McLellan: Can I see what you see?
As I mentioned in last week’s column, I will spend the next few columns digging into seven principles that I’ve identified as vital to Walt Disney’s success as he built one of the world’s most iconic and profitable brands.
Here are the seven beliefs/habits that I believe led to Disney’s success:
- Your vision must be so clear and so well-articulated that someone else can complete it perfectly, even if you’re not there anymore.
- No detail is too small, and in fact, the smallest details have the biggest impact.
- Obstacles are road maps to innovation.
- If the team is happy, the customer is happy.
- Ask the best questions because you have to keep learning.
- You’re never done.
- Never forget who you serve and why you matter to them.
This week let’s talk about having a vision that is so clear and well-articulated that someone else can complete it on your behalf.
Walt Disney died in December 1965. The groundbreaking for Walt Disney World was May 30, 1967. At the ribbon-cutting in 1971, a reporter remarked to Walt’s brother Roy that it was too bad Walt wasn’t there to see it. Roy replied, “If Walt hadn’t seen it, we wouldn’t be here.”
Walt used several tools to bring his vision to life that all of us can emulate.
Storytelling: Walt didn’t just talk; he wove a story. He used vivid detail about every new undertaking. He described the project, how it was going to be done, the players involved, and how the audience would react. He painted a 3D picture in everyone’s mind.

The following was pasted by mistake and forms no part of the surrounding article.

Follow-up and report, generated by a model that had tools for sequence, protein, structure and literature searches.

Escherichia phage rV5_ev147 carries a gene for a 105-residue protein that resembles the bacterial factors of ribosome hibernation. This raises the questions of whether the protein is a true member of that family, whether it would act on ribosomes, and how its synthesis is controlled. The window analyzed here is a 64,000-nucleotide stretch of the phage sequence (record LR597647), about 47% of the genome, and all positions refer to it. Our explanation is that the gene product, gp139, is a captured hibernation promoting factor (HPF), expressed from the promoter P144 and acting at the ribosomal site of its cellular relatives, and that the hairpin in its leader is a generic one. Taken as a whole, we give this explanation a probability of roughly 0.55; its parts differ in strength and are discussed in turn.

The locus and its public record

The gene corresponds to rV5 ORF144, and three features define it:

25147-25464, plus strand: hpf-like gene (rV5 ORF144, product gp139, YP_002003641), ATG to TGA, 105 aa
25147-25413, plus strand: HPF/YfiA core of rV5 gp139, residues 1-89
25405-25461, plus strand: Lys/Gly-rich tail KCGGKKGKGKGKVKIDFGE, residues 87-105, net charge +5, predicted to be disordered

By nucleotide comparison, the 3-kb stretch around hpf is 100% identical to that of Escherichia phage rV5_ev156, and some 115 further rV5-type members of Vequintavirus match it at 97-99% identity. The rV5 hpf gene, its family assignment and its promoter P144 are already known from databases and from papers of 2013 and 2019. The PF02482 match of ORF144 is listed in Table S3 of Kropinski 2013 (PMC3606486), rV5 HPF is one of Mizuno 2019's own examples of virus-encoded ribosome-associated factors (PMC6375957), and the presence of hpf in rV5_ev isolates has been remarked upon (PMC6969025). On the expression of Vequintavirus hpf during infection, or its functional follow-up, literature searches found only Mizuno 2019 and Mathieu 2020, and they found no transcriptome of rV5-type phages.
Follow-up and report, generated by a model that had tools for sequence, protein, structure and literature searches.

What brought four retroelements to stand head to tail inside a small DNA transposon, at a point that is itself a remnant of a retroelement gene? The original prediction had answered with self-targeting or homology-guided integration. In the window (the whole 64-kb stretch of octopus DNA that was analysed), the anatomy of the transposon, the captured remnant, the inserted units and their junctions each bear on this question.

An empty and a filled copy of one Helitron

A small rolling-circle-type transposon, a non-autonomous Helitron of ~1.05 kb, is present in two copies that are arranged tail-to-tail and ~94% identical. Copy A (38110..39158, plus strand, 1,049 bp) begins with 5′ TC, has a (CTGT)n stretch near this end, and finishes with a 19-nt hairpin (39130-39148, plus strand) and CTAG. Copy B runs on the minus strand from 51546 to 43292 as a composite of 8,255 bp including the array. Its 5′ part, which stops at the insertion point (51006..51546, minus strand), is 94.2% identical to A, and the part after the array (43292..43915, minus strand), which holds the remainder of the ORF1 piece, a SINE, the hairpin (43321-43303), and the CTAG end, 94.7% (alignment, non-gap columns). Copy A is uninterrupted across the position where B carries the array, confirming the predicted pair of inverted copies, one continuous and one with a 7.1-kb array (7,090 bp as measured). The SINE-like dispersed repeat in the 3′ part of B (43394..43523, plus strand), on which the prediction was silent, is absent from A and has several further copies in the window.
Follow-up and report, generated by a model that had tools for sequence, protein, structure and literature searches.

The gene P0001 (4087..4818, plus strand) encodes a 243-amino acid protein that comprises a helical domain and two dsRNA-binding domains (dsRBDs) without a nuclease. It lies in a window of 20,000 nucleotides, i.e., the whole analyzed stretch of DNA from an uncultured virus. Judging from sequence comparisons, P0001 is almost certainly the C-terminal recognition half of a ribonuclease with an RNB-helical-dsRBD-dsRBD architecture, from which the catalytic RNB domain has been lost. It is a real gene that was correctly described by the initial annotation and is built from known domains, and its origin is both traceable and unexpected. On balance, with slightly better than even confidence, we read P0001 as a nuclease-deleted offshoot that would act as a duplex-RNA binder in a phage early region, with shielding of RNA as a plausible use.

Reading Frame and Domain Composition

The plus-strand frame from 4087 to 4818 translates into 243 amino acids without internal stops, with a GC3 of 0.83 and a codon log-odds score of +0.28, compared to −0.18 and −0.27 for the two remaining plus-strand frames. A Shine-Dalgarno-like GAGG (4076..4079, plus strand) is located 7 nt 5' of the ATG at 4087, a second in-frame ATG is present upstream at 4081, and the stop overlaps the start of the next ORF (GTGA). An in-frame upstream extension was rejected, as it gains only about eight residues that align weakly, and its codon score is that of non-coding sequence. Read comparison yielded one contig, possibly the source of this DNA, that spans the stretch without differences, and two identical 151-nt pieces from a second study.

War room/wall: Walt had a secret lair where he would paper the walls with mind maps, scraps of color, visuals and timetables. He’d invite key people into his war room, where they would be immersed in the project’s nuances.
Theme or catchphrase: Walt believed in boiling any project’s essence down to a single sentence or theme. This single sentence would serve as a touchstone for the work. As decisions were being made, the team members could ask themselves if what they were about to do would get the project closer to honoring the underlying theme or core message.
Focus on who and why: Walt never let the team lose sight of the audience for any work they did. The work was done in service to that audience. There was a greater purpose in terms of how the project would affect them. Would it inspire children to dream big? Would it allow adults to be kids again? Would it continue a legacy and introduce it to a new generation?
The result of deploying these strategies was that Walt Disney World was the embodiment of Walt’s vision, even though he was gone long before the groundbreaking.
Sharing your vision is not just an intelligent leadership trait, it’s going to give your marketing a boost as well.
You can see how following these habits could fine-tune your marketing efforts around this project. The story of how/why the product or service was created will be rich with language you can weave into your ads and product descriptions.
The war room walls might help with the mood and tone of your marketing.
The theme or catchphrase would provide direction and messaging hierarchy for landing pages, product materials or headlines. Just like it did for the team creating the product or service, it can serve as your true north too.
The who and why will give your marketing team everything they need from an audience perspective. Who is going to care about your offering, and why is it important to them?
A shared vision that is vibrant, 3D and very tangible means that everyone can march it out together.